It is estimated that only  a third of the UK population currently meet the requirements for fruit and vegetable consumption.  As a major source of vitamins and minerals, low intake can put individuals at a significantly increased risk of deficiency of key micronutrients, a number of which are associated with increased risk of cognitive decline.  These include selenium [10], folate, cobalamin (vitamin B12) and vitamin B6.  Low levels of the nutrients required to support the methylation cycle are, unsurprisingly, implicated in accelerated ageing: healthy methylation (and homocysteine recycling) is involved in the synthesis of substances required for healthy cellular and cognitive function (including choline, carnitine and coenzyme Q10), as well as for the production of myelin proteins and neurotransmitters, including melatonin, serotonin, dopamine, and GABA.

When homocysteine is inadequately recycled (which can arise in part through nutrient deficiency) the resulting hyperhomocysteinaemia causes huge disruption in a number of key metabolic pathways.[11]  As yet, however, it is not entirely clear if elevated homocysteine is a direct risk factor for development of dementia and Alzheimer’s disease, or simply a marker of the disease.[12] Regardless of cause or effect, managing healthy homocysteine levels should be a priority for all aspects of health.


Our Pure Essentials Advanced Multivitamin and Minerals supplement is an excellent choice for those needing a bit of extra support to help ensure adequate intake, as it provides a blend of 22 carefully selected vitamins and minerals, scientifically proven to support brain function, energy & metabolism, eye health, heart health, normal inflammatory response & immune system function. The MindCare range of products also contain a specific blend of the key micronutrients to support brain and central nervous system function, at doses designed for higher intensity support.

Our high potency Super B-complex contains a synergistic blend of 8 highly bioavailable B-vitamins with vitamin C to provide comprehensive energy, mood and brain support.  The folate and vitamins B6 and B12 in Super B-Complex are in their most active forms and at optimal dosages to help maintain healthy homocysteine levels.


Diet quality and diversity is key to managing both physical and mental health.   The above nutrient recommendations exert their effects on cognitive health through multiple biological mechanisms and as a result provide a multitude of body-wide health benefits. In addition to supporting and protecting cognitive function, reduced risk of coronary heart disease, hypertension, diabetes, dyslipidaemia and metabolic syndrome have been observed, all of which have also been associated with an increased risk of mild cognitive impairment, dementia or Alzheimer’s disease.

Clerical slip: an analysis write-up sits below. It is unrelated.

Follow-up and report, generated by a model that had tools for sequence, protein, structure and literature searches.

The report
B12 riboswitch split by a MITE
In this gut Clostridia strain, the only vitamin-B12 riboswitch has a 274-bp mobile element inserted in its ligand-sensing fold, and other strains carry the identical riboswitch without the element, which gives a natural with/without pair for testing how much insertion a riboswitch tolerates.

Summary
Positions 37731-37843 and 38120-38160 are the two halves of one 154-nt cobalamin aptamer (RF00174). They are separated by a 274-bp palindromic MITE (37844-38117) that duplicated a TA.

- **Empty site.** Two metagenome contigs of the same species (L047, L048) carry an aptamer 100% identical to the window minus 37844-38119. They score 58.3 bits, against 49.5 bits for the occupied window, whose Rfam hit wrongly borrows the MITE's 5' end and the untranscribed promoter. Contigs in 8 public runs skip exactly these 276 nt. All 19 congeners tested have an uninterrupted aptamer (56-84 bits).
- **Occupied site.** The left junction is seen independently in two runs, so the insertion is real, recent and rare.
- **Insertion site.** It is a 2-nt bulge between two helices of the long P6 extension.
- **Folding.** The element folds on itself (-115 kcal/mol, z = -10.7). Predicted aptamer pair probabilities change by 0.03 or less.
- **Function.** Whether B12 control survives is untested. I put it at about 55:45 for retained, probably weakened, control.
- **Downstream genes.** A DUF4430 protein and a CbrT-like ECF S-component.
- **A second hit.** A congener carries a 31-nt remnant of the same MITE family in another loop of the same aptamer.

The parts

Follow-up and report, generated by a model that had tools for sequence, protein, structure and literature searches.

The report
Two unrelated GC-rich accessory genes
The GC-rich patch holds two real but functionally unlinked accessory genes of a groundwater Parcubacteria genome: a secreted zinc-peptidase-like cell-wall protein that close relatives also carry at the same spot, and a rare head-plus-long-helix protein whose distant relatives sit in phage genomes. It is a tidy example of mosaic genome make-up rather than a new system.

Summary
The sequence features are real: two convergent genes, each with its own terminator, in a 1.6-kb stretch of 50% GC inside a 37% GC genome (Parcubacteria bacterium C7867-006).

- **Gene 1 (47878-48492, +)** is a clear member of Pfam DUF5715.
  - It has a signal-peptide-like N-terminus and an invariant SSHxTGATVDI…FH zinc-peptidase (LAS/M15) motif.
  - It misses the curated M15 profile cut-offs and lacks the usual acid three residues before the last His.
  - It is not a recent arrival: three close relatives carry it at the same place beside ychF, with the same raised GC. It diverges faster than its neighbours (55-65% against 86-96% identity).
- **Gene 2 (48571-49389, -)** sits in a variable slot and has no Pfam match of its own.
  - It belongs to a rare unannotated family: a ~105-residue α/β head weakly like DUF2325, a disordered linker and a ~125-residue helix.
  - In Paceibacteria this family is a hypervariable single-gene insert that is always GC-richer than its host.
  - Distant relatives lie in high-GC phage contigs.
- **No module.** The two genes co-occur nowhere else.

It is clear that no single, stand-alone nutrient will provide the answer for reducing the risk of cognitive decline; it is for this reason that the above recommendations are offered to provide synergistic benefits for brain health, particularly when consumed as part of a Mediterranean-style diet, the importance of which  is by now well known. [13]


  2. Ren H, Luo C, Feng Y, Yao X, Shi Z, Liang F, Kang JX, Wan JB, Pei Z, Su H.Omega-3 polyunsaturated fatty acids promote amyloid-β clearance from the brain through mediating the function of the glymphatic system. FASEB J. 2016 Oct 7.
  3. Lukaschek K, von Schacky C, Kruse J, Ladwig KH. Cognitive Impairment Is Associated with a Low Omega-3 Index in the Elderly: Results from the KORA-Age Study. Dement Geriatr Cogn Disord. 2016;42(3-4):236-245.
  4. Molino S, Dossena M, Buonocore D, Ferrari F, Venturini L, Ricevuti G, Verri M. Polyphenols indementia: From molecular basis to clinical trials. Life Sci. 2016 Sep 15;161:69-77.
  5. DiSilvestroRA, Joseph E, Zhao S, Bomser J. Diverse effects of a low dose supplement of lipidated curcumin in healthy middle aged people. Nutr J. 2012 Sep 26;11:79.
  6. Caracciolo B, Xu W, Collins S, Fratiglioni L. Cognitive decline, dietary factors and gut-brain interactions. Mech Ageing Dev. 2014 Mar-Apr;136-137:59-69.
  7. Liu J, Sun J, Wang F, Yu X, Ling Z, Li H, Zhang H, Jin J, Chen W, Pang M, Yu J, He Y, Xu J. Neuroprotective Effects of Clostridium butyricum against vascular dementia in Mice via Metabolic Butyrate. Biomed Res Int. 2015;2015:412946. doi: 10.1155/2015/412946.
  8. Littlejohns TJ, Henley WE, Lang IA, Annweiler C, Beauchet O, Chaves PH, Fried L, Kestenbaum BR, Kuller LH, Langa KM, Lopez OL, Kos K, Soni M, Llewellyn DJ. Vitamin Dand the risk of dementia and Alzheimer disease. Neurology. 2014 Sep 2;83(10):920-8.
  9. Millet P, Landel V, Virard I, Morello M, Féron F. Role of vitamin Din the physiopathology of neurodegenerative disease. Biol Aujourdhui. 2014;208(1):77-88.
  10. Rita Cardoso B, Silva Bandeira V, Jacob-Filho W, Franciscato Cozzolino SM. Seleniumstatus in elderly: relation to cognitive decline.J Trace Elem Med Biol. 2014 Oct;28(4):422-6.
  11. McCully KS. Homocysteine, Infections, Polyamines, Oxidative Metabolism, and the Pathogenesis ofDementia and Atherosclerosis. J Alzheimers Dis. 2016 Oct 18;54(4):1283-1290.
  12. Zhuo JM, Wang H, Praticò D. Ishyperhomocysteinemia an Alzheimer’s disease (AD) risk factor, an AD marker, or neither? Trends Pharmacol Sci. 2011 Sep;32(9):562-71.
  13. Keys et al., The diet and 15-year death rate in the seven countries study. Am J Epidemiol. 1986 Dec;124(6):903-15.
  14. Lourida I, Soni M, Thompson-Coon J, Purandare N, Lang IA, Ukoumunne OC, Llewellyn DJ. Mediterranean diet, cognitive function, and dementia: a systematic review. Epidemiology. 2013 Jul;24(4):479-89.


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Dr Nina Bailey

About Dr Nina Bailey

Nina is a leading expert in marine fatty acids and their role in health and disease. Nina holds a master’s degree in Clinical Nutrition and received her doctorate from Cambridge University. Nina’s main area of interest is the role of essential fatty acids in inflammatory disorders. She is a published scientist and regularly features in national health publications and has featured as a nutrition expert on several leading and regional radio stations including SKY.FM, various BBC stations and London’s Biggest Conversation. Nina regularly holds training workshops and webinars both with the public and health practitioners.